Green screens allow graphics to be added to a filmed broadcast, either in post-production or in the case of newscasts in real time. Green screens, so named because quite literally they're a blank field of green, are anchored to the walls of professional or makeshift television studios much like cinema screens. However, if you're a budding filmmaker who needs to put up a screen without much fuss, there are alternatives.
Lay the screen out flat. If you've purchased a less expensive "sheet" style of screen, smooth out all the wrinkles with your hands. In either case, whether it's a sheet or pre-framed screen, spray the backside of the screen with fabric adhesive.
Place the screen against the wall and press all over the sheet to ensure firm contact is made between the adhesive side and the wall. Depending on the size of the screen, you may need a stepladder to help you reach the top of the wall. If the wall is brick, or the screen will be used for longer than a few hours, proceed to Step 3.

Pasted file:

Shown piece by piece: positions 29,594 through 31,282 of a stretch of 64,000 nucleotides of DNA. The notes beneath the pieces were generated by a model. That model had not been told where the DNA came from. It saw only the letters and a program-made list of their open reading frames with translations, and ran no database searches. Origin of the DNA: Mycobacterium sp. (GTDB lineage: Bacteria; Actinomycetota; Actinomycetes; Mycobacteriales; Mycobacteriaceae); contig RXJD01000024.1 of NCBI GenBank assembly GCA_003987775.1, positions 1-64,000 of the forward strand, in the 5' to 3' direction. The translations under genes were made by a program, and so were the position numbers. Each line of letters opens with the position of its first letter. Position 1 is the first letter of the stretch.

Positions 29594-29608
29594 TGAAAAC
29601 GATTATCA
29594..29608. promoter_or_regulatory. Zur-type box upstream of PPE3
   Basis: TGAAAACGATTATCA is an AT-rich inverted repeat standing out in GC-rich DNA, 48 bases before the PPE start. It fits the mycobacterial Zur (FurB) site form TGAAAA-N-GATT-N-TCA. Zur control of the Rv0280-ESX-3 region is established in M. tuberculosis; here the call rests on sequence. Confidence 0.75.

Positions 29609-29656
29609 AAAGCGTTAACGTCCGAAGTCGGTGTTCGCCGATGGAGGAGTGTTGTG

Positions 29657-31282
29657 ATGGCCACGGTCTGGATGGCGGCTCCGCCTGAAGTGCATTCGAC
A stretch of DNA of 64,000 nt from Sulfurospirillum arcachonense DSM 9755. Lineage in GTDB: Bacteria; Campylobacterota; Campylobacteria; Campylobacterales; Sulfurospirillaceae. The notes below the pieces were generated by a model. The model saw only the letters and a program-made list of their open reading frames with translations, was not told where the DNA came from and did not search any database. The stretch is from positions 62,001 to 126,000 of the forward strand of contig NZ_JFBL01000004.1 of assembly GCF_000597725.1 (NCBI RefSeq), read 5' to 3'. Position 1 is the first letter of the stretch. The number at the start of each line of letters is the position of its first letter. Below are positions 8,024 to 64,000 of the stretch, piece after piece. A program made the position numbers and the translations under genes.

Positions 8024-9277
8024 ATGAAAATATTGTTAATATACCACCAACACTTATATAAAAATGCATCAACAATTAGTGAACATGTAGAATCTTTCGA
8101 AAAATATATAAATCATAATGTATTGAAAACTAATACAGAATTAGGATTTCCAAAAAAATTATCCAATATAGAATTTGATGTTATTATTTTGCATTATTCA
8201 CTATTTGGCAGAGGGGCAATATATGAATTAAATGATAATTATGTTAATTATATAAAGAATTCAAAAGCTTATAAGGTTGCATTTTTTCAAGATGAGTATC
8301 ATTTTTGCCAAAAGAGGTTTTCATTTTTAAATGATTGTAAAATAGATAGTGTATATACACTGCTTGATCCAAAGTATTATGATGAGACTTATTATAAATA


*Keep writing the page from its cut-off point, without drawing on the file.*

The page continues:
Spread a bed sheet flat on the floor and lay the dowel rod that measures the same length as the sheet across one edge of the sheet. Roll about an inch of sheet over the rod and sew the gap in the sheet together to weigh down the edge. Hammer the right and left corners of the sheet opposite the dowel rod end into the wall using floor tacks. Use masonry nails nailed into a joint between two bricks if the wall is brick or block.
Smooth the wrinkles from the hanging sheet and spray the backside of the green screen as you did in Step 1. Lay the screen over the hanging bed sheet and press down to ensure a tight seal. The adhesive will last considerably longer when used between two fabric types versus using it between fabric and a wall surface.
- "Green Screen Made Easy: Keying & Compositing Techniques for Indie Filmmakers"; Jeremy Hanke & Michele Yamazaki; 2009
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